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Target Field is the Greenest Ballpark in America.

Outdoor baseball. These two words are the best thing I’ve heard all year. Until the Twins exhibition games early this month, I had never been to an outdoor baseball game. Yes, the Metrodome gave us a unique “Dome-field advantage,” there’s nothing like the sun on your face as your favorite player hit the long ball.

Now, the stadium itself, Target Field, is beyond gorgeous. New, shiny, with green grass and an awesome tribute to the original Twins mascots, Minnie and Paul (they actually shake hands whenever a Twins player hits a home run!). Even better than all that nifty stuff, however, is Target Field’s greatest feature: it is the most environmentally friendly and energy efficient ball park in the nation!

Target Field officially became the greenest outdoor ballpark in America when it received LEED status. Last year, TCF Bank Stadium became the state’s first LEED silver certified stadium. Now, we have two!

What makes Target Field so green, you ask? Well, besides the beautiful (real!) grass, there are features in the ballpark fans may or may not notice when they come to a game. Energy-efficient field light save $6,000 a year on electricity costs and the stadium sits on soil that was once contaminated but has been treated and replaced.

One of the most talked about green features of the stadium is its ability to be washed down with recycled rainwater. The recycling system, according to the Star Tribune, collects water from the field and drains it into a 100,000-gallon underground cistern. The water is disinfected and treated.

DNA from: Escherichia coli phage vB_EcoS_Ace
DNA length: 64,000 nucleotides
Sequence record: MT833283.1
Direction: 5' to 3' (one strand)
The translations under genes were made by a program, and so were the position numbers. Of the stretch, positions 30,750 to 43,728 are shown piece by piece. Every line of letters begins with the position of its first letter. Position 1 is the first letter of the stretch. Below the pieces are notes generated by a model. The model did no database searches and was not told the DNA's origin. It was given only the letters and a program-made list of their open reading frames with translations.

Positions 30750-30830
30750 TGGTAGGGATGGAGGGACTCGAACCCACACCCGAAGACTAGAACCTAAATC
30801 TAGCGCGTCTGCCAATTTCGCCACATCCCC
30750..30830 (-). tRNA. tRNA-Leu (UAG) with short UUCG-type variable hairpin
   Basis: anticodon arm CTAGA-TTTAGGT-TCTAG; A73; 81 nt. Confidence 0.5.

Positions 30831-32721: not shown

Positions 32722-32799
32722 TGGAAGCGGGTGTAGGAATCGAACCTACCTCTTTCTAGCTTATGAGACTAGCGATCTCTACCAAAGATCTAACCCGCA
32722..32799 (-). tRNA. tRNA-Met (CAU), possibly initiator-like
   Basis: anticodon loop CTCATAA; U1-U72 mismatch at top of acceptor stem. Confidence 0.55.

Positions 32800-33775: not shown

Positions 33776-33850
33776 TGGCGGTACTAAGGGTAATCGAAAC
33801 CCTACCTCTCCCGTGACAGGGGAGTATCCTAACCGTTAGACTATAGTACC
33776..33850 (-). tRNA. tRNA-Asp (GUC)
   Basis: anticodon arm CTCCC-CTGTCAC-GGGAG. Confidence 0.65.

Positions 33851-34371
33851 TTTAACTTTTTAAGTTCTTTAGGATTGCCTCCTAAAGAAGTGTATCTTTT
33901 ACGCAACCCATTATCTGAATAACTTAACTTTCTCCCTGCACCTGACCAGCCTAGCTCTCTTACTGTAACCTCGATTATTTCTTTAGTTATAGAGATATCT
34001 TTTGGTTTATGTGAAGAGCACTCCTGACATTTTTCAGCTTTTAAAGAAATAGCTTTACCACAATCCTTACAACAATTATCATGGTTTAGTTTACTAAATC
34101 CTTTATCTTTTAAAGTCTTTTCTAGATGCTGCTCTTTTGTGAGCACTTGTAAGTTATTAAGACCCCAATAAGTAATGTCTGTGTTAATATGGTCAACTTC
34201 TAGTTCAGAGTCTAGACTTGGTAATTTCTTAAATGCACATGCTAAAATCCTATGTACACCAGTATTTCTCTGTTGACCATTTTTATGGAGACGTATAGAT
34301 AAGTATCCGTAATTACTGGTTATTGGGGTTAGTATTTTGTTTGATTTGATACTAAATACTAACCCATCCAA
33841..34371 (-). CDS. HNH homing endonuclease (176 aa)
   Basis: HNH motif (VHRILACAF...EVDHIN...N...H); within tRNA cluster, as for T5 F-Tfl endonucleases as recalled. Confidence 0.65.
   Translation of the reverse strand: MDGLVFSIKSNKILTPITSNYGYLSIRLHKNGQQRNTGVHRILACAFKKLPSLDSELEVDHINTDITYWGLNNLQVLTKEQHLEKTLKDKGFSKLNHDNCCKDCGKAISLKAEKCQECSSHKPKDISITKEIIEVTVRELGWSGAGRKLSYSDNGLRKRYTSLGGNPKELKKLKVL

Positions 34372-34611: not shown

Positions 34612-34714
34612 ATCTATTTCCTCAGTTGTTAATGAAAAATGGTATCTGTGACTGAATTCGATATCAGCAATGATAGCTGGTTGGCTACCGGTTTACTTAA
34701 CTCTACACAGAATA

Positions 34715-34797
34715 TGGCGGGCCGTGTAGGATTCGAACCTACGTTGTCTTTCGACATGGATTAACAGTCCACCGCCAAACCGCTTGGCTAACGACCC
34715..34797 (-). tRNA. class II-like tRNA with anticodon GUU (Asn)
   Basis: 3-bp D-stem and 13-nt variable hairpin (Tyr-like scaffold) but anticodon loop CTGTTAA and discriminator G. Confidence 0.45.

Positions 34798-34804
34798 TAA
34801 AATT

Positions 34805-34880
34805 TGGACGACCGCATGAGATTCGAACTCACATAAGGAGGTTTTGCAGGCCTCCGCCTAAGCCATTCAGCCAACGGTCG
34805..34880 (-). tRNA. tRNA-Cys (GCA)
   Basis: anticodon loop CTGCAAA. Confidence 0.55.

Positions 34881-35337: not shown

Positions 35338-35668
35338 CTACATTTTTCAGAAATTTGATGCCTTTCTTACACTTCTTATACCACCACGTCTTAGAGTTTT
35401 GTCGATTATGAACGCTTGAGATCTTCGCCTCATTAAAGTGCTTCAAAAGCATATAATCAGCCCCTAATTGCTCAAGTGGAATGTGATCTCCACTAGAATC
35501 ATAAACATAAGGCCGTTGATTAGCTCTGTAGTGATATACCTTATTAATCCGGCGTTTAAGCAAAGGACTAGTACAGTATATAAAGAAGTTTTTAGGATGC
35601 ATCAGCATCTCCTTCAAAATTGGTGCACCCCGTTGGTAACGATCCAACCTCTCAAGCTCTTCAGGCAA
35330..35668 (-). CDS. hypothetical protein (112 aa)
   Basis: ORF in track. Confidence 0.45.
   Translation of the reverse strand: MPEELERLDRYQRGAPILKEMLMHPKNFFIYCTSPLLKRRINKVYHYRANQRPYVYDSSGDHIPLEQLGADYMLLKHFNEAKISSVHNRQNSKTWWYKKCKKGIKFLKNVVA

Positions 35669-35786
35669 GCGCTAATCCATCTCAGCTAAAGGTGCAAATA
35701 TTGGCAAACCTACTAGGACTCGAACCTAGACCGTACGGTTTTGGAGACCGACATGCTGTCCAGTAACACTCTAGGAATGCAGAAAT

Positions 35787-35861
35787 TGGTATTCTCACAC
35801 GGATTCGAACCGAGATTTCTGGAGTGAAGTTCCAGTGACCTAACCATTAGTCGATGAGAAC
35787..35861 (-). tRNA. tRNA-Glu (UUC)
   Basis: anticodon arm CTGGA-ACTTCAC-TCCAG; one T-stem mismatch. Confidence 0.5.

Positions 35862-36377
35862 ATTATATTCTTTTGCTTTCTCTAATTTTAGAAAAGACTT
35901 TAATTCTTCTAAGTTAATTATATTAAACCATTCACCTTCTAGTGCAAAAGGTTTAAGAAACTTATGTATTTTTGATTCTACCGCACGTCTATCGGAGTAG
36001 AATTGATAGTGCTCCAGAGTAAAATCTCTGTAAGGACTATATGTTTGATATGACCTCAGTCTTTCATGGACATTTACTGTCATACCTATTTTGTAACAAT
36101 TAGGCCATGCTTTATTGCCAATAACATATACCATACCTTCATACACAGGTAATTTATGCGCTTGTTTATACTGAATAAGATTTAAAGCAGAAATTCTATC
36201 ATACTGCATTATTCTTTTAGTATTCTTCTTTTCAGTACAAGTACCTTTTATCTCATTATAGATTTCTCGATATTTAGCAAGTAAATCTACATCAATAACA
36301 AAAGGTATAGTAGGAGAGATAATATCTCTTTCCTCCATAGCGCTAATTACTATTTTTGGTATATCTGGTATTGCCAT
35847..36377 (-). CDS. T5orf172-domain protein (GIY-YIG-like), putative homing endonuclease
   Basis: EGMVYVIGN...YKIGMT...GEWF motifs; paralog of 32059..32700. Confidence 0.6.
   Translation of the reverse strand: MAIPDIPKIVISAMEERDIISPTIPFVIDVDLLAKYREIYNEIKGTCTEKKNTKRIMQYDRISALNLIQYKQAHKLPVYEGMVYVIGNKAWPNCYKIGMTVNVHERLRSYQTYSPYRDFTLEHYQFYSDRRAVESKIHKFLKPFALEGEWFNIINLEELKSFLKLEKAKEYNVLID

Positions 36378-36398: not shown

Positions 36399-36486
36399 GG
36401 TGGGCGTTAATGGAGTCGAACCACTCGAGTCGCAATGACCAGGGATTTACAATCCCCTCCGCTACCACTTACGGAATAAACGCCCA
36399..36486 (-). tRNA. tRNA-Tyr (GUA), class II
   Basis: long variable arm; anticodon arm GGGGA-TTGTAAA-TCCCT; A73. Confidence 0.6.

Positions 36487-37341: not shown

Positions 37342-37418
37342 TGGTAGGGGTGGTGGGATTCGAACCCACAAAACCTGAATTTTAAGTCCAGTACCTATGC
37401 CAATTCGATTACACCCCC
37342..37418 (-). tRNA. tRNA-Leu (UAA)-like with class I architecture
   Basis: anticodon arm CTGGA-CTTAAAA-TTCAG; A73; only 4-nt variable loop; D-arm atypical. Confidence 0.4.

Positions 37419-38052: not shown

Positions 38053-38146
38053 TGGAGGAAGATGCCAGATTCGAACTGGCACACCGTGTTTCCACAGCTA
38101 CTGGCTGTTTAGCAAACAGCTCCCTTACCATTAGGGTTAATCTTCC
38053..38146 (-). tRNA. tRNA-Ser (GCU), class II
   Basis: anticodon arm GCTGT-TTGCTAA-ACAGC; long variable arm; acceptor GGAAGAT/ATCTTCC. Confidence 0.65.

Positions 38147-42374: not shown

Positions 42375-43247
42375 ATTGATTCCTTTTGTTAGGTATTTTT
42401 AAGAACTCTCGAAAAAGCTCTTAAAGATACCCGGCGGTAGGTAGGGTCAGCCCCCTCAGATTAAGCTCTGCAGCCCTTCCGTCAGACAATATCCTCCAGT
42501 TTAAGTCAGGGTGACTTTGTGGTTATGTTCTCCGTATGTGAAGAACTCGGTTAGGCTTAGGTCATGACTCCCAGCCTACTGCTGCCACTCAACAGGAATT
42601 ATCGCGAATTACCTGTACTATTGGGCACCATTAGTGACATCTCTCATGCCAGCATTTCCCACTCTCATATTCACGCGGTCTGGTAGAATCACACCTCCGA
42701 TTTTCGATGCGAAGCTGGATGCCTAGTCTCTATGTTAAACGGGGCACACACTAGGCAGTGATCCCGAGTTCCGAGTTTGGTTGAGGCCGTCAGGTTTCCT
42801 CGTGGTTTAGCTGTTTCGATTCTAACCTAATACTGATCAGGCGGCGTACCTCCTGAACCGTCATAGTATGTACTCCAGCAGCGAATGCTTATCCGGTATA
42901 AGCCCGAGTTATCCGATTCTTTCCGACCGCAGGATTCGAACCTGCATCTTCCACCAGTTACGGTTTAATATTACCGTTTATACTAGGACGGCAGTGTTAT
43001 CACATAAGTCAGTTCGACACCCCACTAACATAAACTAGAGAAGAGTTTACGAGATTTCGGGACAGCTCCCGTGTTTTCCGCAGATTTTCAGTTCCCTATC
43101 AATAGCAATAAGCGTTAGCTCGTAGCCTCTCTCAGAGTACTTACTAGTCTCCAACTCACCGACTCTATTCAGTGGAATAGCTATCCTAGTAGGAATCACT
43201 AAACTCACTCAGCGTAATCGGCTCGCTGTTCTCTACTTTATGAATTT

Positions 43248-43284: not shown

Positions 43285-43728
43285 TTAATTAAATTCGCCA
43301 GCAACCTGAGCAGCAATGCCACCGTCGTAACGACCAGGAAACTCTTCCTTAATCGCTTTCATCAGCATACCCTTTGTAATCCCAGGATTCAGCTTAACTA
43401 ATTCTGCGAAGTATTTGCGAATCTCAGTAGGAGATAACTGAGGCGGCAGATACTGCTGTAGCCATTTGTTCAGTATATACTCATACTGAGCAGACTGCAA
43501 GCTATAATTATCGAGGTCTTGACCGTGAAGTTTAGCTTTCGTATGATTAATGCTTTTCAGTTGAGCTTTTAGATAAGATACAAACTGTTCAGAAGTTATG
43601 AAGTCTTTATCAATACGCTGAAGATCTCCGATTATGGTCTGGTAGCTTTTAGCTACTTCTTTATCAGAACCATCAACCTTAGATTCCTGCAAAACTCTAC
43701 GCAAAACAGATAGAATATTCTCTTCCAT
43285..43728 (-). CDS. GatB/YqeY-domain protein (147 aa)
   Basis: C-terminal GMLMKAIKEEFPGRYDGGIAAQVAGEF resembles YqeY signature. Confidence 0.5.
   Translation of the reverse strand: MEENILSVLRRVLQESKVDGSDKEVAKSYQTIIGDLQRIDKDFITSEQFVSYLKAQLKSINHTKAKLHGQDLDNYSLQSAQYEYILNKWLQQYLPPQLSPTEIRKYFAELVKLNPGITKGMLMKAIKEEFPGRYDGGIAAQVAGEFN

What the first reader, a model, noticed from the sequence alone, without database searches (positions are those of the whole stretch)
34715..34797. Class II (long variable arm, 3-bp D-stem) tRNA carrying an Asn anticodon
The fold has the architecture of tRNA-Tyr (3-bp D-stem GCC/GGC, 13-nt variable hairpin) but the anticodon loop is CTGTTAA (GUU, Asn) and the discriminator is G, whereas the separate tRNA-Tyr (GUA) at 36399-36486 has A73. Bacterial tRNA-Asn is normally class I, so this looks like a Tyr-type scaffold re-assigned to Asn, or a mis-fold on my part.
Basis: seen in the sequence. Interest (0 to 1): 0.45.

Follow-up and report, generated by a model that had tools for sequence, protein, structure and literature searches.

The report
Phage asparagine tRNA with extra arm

Officials estimate the $200,000 system will save the city of Minneapolis more than 2 million gallons of water annually, about half of what the ballpark will need.

The ballpark boasts a large number of public transportation options to get to the stadium. I took the light rail when I went for an exhibition game, and it delivers you right next to Target Field. The Twins website can advise you on the best way to get to the park by transit, automobile, bike, or on foot.

Minnesotans probably already know that Mankato limestone covers 60 percent of the stadium’s exterior. This is great since using local products like Mankato limestone reduces the stadium’s carbon footprint by reducing transportation costs.

According to the Pioneer Press, the greenest feature of Target Field is the lack of a roof. In 2008, the Dome spent almost $2 million to heat its facilities. Overall, the LEED features of Target Field should save them $38,000 a year on energy costs over standard features.

Twins owner and CEO Jim Pohlad told the Star Tribune how important environmental friendliness was to the organization in building a new stadium:

“Gaining LEED certification has been a longstanding goal for the Twins, Hennepin County and the Minnesota Ballpark Authority as we have collectively shared the responsibility to ensure strong environmental stewardship. It’s our sincere hope that the sustainability aspects of Target Field will provide inspiration to other local, regional and national projects of this magnitude.”


Photo credit: Flickr

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